It’s their 16th Year! Celebrate the charm and character of an event that has aged to perfection! Sample Maryland's finest wines from a souvenir glass; make food purchases from an abundance of high quality, distinctive restaurants and caterers; sharpen your palette by attending wine education seminars; enjoy exceptional works offered by invited artists and craftspersons; and revel in continuous live entertainment on the jazz and main stages. Ask about the designated driver program.

Volunteers are needed; please call 410-313-4624. Advance purchase admission: A wristband will be mailed with your receipt; take your wristband to the gate for admission. Online registration requires an approved online account. To purchase admission for more than one person, change the quantity and update the cart. Advance purchase ends Wed., May 7. Walk-in purchase only May 8, 9 and 12-16.

On-line ticket sales begin March 6, 2008. On-line ticket sales end Wed., May 7th to ensure that tickets are received before the event.

Advance (walk-in) ticket sales begin March 6, 2008 at these locations, and end Friday, May 16th.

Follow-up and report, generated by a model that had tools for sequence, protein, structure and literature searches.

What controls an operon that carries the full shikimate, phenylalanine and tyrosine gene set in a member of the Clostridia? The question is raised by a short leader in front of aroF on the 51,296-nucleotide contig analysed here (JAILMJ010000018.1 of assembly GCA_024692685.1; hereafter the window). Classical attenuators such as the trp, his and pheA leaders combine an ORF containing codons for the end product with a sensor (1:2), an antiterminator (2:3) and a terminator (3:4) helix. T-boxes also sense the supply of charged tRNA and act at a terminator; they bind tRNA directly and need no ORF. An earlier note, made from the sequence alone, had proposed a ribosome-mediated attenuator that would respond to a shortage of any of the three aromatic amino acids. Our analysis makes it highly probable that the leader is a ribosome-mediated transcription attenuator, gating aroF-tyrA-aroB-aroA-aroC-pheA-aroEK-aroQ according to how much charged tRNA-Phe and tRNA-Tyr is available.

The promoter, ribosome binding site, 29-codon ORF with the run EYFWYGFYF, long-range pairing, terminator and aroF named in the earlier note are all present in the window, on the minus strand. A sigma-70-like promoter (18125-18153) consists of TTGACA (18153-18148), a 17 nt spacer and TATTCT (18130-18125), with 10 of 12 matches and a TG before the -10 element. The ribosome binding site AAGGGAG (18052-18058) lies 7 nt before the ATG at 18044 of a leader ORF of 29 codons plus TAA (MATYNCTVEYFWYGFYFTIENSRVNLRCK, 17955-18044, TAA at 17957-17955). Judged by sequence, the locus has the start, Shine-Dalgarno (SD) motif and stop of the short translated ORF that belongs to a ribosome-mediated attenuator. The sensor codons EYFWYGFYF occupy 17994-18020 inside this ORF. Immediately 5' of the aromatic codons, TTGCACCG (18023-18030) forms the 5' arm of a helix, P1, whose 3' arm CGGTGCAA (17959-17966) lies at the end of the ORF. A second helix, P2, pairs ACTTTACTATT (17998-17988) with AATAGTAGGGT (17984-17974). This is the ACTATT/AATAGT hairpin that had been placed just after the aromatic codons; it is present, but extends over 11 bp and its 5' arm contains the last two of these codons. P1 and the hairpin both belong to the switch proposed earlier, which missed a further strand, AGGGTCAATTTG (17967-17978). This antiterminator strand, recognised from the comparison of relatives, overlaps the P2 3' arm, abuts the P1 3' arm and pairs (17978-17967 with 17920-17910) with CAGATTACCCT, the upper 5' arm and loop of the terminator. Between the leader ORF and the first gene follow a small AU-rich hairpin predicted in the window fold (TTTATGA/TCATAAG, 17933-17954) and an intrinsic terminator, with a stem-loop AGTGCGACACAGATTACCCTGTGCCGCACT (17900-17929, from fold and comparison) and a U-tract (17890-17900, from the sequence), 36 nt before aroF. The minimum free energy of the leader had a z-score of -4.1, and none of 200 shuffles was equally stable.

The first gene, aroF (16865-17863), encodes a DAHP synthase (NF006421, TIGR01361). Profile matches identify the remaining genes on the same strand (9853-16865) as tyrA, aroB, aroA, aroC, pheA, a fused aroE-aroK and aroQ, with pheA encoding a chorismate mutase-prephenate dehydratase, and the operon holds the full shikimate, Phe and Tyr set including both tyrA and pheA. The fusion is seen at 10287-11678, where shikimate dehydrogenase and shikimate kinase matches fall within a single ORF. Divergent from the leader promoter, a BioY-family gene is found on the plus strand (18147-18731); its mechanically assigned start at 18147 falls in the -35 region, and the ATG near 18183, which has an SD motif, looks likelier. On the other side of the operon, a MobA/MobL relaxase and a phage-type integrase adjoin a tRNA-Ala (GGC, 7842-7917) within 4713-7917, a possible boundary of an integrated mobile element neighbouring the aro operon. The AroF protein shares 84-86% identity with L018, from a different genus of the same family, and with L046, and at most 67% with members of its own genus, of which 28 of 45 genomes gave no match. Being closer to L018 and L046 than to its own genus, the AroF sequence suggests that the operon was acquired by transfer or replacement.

General Admission Gate Price is $25.
Advance tickets & Designated Drivers $20.

New York Grape Task Force



WINE GRAPE TASK FORCE created by Agriculture & Markets Commissioner Patrick Hooker is making some real headway in identifying key issues and obstacles facing the New York grape and wine industry. Orchestrated by Deputy Commissioner Jackie Czub and chaired by Kareem Massoud, the task force meetings have often involved direct discussions with representatives of other state agencies like the Department of Environment Conservation, Empire State Development Corporation, the State Liquor Authority, and the Department of Transportation. Yesterday we met with the Law Review Commission, which is taking a comprehensive look at New York ’s antiquated and counterproductive Alcohol Beverage Control (ABC) law, as well as SLA regulations. The bottom line is that the State of New York (especially Agriculture & Markets) has been a great partner with our industry for decades, helping us grow and contribute ever more to the state economy; but there are certain areas like the ABC/SLA complexities that are hurting the state economy because they are preventing the true potential growth of our industry. The task force is scheduled to make final recommendations to Commissioner Hooker in early September prior to the grape harvest.